Based on the unparalleled number of recent data protection reforms triggered by Snowden's revelations on both sides of the Atlantic, this article aims to examine the interplay between the two main transatlantic actors striking the balance between national security and privacy, namely EU and US policy-makers and courts. We argue, on the one hand, that the NSA affair has opened a window to policy-makers to pursue reforms in order to attain a level of adequacy of their respective data protection legal regimes. On the other hand, although some data protection reforms have been adopted by legislators in response to courts acting as reformers in the post-Snowden context, the EU and US courts' approaches to balancing national security and data protection remain diametrically opposite. Drawing upon recent case law, we demonstrate that US courts continue to tilt the balance in favour of national security while EU courts retain their pro-privacy stance.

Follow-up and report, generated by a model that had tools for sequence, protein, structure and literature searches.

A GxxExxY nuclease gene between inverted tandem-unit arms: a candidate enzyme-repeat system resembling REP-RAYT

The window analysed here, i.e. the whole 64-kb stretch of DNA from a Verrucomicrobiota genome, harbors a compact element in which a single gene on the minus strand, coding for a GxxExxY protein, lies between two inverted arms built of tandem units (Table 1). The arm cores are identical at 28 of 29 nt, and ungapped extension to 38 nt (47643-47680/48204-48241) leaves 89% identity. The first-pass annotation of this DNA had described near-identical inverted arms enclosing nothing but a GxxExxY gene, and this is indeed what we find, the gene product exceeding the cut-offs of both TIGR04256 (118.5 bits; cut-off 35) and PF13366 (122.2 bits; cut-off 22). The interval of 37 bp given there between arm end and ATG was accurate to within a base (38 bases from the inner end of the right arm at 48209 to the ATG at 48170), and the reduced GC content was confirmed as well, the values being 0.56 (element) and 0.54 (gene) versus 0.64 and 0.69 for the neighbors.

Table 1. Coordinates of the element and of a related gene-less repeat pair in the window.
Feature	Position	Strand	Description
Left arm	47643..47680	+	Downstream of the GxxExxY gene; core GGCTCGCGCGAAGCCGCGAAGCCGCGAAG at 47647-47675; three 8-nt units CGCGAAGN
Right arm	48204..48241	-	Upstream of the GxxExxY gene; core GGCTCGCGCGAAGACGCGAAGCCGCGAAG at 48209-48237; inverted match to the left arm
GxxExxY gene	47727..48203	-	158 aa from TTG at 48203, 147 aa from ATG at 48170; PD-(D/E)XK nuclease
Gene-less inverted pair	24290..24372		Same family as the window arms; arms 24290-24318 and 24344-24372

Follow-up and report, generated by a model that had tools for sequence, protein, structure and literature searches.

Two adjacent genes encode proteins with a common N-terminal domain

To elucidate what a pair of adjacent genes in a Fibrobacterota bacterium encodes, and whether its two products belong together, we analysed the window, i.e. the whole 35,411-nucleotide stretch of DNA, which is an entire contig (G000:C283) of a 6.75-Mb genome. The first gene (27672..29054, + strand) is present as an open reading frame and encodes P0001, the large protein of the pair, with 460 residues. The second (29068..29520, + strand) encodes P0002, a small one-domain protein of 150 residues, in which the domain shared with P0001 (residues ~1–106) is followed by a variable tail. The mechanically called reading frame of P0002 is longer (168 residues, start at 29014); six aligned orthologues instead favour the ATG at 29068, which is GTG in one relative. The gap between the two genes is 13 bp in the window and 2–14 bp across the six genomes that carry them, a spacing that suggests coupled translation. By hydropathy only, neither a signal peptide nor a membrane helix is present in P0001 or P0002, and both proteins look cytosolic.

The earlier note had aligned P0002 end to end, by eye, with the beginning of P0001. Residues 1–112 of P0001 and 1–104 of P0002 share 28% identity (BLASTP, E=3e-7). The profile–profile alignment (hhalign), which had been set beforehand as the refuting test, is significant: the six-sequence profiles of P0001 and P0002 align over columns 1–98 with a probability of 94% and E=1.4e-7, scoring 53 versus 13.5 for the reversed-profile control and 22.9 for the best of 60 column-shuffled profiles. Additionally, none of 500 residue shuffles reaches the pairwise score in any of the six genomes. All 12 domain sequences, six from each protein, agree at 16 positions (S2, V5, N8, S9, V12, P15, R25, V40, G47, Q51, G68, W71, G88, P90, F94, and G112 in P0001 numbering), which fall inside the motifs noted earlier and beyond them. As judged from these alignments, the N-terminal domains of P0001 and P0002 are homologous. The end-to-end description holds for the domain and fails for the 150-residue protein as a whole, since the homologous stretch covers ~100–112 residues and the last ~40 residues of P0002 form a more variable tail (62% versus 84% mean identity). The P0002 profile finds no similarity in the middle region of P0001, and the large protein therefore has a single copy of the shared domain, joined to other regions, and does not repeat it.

- EU and US policy-makers and courts
- privacy and data protection law
- national security
- NSA mass surveillance
- Snowden's disclosures
- Legal Developments